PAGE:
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Spotting signs of dementia in dogs

Dogs can develop age-related illnesses just like us. Canine Cognitive Dysfunction – or CCD – shares a resemblance with the human form of Dementia, and it causes a decline in the dogs’ cognitive functions. In this post, we’re discussing the signs of Dementia in dogs, and breaking down the top tips for keeping your canine best friend as comfortable and calm as possible if you start to notice changes.

Boxer dog sitting on bed

Signs of Canine Cognitive Dysfunction

The signs of CCD can be subtle and their onset gradual, so it’s a condition that can often go unnoticed for a while. Here are some things to look out for…

  •  Confusion. Is your dog looking lost or disoriented? Is he or she pacing back and forth or in circles? Or perhaps getting ‘stuck’ somewhere there’s a clear way out?
  • Aggression. Dogs with CCD can have little patience, and can display signs of aggression.
  • Depression. If your dog seems withdrawn, anxious or depressed this could be a sign that something’s wrong.
  • Memory loss. Your canine may appear to have forgotten certain commands, where food and water bowls are kept, and may stop responding to his or her name.
  • Sleeping more and eating less. Extra-long naps aren’t a cause for concern, but if your dog’s suddenly sleeping a lot more than usual, this could be a sign of CCD. The same goes for loss of appetite.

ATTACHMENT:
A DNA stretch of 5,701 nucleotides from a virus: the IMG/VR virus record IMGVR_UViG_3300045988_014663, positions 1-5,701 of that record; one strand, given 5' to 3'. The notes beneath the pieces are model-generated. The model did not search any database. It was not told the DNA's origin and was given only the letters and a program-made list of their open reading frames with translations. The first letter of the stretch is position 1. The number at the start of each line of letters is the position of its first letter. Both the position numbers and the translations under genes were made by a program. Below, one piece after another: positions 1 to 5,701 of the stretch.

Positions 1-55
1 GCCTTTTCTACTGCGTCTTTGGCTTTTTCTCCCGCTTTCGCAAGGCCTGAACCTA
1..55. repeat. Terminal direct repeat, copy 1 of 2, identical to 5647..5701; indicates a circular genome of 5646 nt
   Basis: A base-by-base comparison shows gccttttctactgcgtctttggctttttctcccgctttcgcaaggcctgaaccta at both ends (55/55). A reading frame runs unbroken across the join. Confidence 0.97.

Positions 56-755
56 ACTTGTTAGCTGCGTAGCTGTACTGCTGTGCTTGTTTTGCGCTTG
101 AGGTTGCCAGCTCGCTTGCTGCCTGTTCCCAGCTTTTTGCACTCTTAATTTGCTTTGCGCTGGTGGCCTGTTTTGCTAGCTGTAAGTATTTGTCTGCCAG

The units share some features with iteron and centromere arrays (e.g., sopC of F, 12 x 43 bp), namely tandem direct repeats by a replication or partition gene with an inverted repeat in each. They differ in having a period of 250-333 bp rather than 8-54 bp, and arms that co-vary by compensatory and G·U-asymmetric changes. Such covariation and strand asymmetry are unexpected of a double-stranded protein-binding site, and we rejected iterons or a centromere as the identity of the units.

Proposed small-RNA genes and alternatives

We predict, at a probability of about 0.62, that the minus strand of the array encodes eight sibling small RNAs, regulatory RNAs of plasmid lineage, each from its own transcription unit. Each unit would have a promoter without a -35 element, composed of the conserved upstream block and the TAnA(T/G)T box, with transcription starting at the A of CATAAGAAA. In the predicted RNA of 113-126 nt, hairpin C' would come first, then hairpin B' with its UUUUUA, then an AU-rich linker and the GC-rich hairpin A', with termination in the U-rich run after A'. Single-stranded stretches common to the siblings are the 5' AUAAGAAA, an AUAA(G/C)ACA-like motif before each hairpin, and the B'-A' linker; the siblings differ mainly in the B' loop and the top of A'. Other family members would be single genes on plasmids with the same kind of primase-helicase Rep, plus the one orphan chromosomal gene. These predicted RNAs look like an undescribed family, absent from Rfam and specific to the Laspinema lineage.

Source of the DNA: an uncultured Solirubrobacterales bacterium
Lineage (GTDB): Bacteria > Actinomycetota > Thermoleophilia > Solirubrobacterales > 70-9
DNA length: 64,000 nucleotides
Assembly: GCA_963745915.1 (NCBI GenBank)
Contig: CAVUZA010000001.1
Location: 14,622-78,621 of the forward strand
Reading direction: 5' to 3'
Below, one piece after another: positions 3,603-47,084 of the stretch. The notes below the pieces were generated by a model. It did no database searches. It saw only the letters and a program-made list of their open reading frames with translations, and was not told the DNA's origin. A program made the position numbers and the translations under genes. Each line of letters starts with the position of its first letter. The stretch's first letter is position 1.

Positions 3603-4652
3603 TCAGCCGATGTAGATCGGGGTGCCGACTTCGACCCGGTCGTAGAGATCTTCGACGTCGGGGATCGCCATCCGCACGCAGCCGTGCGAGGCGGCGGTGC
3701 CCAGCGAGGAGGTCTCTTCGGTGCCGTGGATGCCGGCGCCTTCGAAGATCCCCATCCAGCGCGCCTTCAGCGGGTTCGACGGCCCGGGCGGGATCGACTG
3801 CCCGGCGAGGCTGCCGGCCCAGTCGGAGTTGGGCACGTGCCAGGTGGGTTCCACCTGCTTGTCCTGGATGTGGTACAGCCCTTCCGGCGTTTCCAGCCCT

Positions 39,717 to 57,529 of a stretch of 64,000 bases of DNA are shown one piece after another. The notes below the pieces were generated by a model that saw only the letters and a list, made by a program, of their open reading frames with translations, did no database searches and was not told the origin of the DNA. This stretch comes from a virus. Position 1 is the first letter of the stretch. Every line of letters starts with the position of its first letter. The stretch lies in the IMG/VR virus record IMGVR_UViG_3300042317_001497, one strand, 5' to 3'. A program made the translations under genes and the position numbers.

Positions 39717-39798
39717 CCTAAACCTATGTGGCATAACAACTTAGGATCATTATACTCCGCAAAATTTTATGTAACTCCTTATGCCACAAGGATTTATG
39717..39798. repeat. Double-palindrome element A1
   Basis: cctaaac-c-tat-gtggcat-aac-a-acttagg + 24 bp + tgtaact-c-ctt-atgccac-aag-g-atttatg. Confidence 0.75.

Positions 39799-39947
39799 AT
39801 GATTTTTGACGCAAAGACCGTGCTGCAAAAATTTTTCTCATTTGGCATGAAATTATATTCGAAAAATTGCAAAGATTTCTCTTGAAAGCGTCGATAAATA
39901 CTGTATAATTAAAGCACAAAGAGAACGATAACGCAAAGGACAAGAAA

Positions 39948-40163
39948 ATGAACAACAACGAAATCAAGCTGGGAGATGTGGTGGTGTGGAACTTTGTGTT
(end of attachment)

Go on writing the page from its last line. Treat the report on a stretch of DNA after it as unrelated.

Labrador looking sad sleeping in bed

Treatment for CCD

Heartbreakingly, there’s no cure for CCD. But your vet will be able to prescribe certain medications that can improve your dog’s quality of life. You’ll also receive helpful advice on any adjustments you need to make at home – such as changes to diet or certain methods for behavior management. The important thing is to make sure your pooch is as comfortable and relaxed as possible. Here are some other things to bear in mind…

  • Ensure your pet is still exercising regularly
  • Avoid changing furniture around, as this can cause confusion
  • Stick to a consistent routine when it comes to the likes of eating, walks and bedtime
  • Make sure your dog’s getting lots of sun exposure to aid sleep
  • Establish a calm home environment (naturally, with lots of cuddles)
  • Introduce suitable toys that will stimulate the brain in the right way

Above all, show as much patience, love and understanding as possible. CCD is a complex and distressing condition, but there are ways to make things more bearable – for your canine and you. Take a look at dogdementia.com for more information and support.